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I've read the Fragments documentation in depth and I haven't seen any references to the FragmentTransaction.attach() or FragmentTransaction.detach() methods. However, I've found multiple tutorials and demos where they actually use them (like FragmentTabs Demo). My question is:

  1. In theory, when are you supposed to attach/dettach Fragments by hand?
  2. What happens exactly when a Fragment is attached/detached? (is it created/destroyed? paused/resumed? etc?)
  3. Is it a good practice to attach/detach your fragments by hand?

Thank you!

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1 Answer 1

Fragments are being pushed by the Android development team as the way forward. There reason for their introduction is documented in various places on the web which I won't go into here. One reason for their introduction is to allow the developer to encapsulate specific functions of their applications into (almost) stand-alone modules that can be loaded and unloaded as appropriate and to maximise the wide range of device screens available to the Android platform.

Unfortunately (in my humble opinion) there are some subtleties that come with Fragments which can catch out the unwary developer (me being one of them). While I cannot claim to be any authority on Fragments I can pass on what I have discovered when using them. So to answer your questions:

I don't believe there are any hard-and-fast rules when you should attach()/detach() fragments by hand. However there may be a situation where you might want to detach a fragment rather than replace it with another. Note however this does not destroy the Fragment as stated in the docs

Detach the given fragment from the UI. This is the same state as when it is put on the back stack: the fragment is removed from the UI, however its state is still being actively managed by the fragment manager. When going into this state its view hierarchy is destroyed.

The Fragment object is destroyed but is visible element (if any) is. When the Fragment is re-attached with attach() its View hierarchy is re-created (docs):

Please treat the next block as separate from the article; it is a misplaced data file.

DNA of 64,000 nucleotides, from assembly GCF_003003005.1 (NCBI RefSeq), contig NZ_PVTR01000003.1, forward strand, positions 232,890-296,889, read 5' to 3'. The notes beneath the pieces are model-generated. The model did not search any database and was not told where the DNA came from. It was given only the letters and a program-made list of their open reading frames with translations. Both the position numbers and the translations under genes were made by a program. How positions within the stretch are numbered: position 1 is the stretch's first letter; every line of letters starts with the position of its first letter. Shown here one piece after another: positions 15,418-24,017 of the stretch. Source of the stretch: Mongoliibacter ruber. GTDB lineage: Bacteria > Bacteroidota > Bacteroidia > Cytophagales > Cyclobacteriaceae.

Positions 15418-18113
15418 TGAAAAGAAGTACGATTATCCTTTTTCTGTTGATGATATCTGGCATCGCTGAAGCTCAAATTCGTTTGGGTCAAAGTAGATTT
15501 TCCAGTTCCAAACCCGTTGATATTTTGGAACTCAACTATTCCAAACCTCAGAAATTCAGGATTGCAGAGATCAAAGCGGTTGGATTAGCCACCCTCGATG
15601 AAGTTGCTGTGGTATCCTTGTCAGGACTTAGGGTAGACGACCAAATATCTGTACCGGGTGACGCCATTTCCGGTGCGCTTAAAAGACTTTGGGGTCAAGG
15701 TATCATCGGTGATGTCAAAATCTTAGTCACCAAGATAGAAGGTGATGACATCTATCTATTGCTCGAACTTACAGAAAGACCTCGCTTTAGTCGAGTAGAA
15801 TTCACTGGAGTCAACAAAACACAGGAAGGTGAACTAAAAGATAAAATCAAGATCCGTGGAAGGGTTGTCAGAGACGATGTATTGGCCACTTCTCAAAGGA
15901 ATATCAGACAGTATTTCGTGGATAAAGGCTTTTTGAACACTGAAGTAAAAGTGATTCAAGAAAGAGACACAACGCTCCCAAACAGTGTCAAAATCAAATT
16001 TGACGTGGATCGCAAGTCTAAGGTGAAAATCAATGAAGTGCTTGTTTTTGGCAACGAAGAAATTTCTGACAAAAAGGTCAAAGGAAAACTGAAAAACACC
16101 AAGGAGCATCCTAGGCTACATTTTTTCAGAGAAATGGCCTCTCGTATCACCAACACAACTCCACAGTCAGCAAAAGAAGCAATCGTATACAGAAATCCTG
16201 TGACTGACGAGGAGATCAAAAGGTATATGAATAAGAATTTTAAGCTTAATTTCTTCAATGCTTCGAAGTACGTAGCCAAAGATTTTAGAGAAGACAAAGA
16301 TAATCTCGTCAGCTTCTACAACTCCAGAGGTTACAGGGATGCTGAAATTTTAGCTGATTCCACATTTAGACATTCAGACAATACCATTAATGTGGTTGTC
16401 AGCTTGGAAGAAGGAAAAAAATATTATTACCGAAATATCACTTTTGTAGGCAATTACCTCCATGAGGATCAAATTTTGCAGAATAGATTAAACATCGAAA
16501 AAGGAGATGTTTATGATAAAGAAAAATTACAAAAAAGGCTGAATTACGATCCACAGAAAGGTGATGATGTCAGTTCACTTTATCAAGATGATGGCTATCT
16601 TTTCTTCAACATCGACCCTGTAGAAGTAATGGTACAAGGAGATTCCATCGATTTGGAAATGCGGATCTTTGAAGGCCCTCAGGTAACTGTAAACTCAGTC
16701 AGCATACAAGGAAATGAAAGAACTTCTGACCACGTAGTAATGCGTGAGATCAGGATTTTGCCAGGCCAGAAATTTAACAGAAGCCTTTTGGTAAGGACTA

Re-attach a fragment after it had previously been detached from the UI with detach(Fragment). This causes its view hierarchy to be re-created, attached to the UI, and displayed.

This is, as I have found, not particularly useful if your Fragment in the background needs to update it's View hierarchy so it's immediately up-to-date when your comes back into View. The end result is that you get an 'ugly' re-draw of your Fragment. I mean ugly in the sense that it gives your app the appearance of hurriedly and unprofessionally re-drawing itself rather than a much more desirable slick 'ready-to-go-from-the-off' air.

If maintaining an up-to-date Fragment UI is crucial then there are ways to avoid this re-draw. Instead of attaching and detaching your fragments you can simply show() and hide() them. This avoids the re-creation of your View hierarchy but you have to be careful that nothing in your View attempts to re-draw itself while the Fragment is hidden; This will result in an exception (I think. It's a while since I tinkered with this stuff).

There is nothing wrong by attaching and detaching Fragments by hand and you should probably think of these methods as being provided by the Android developers 'just-in-case' you need to do such a thing. Besides, I image replace() calls through to these more 'atomic' methods anyway.

As far as when Fragments are destroyed, obviously they are destroyed when an app closes but otherwise I suspect they just fall into the normal garbage routine (but don't quote me on that!). i.e. if there are no references to the object then it's marked for destruction.

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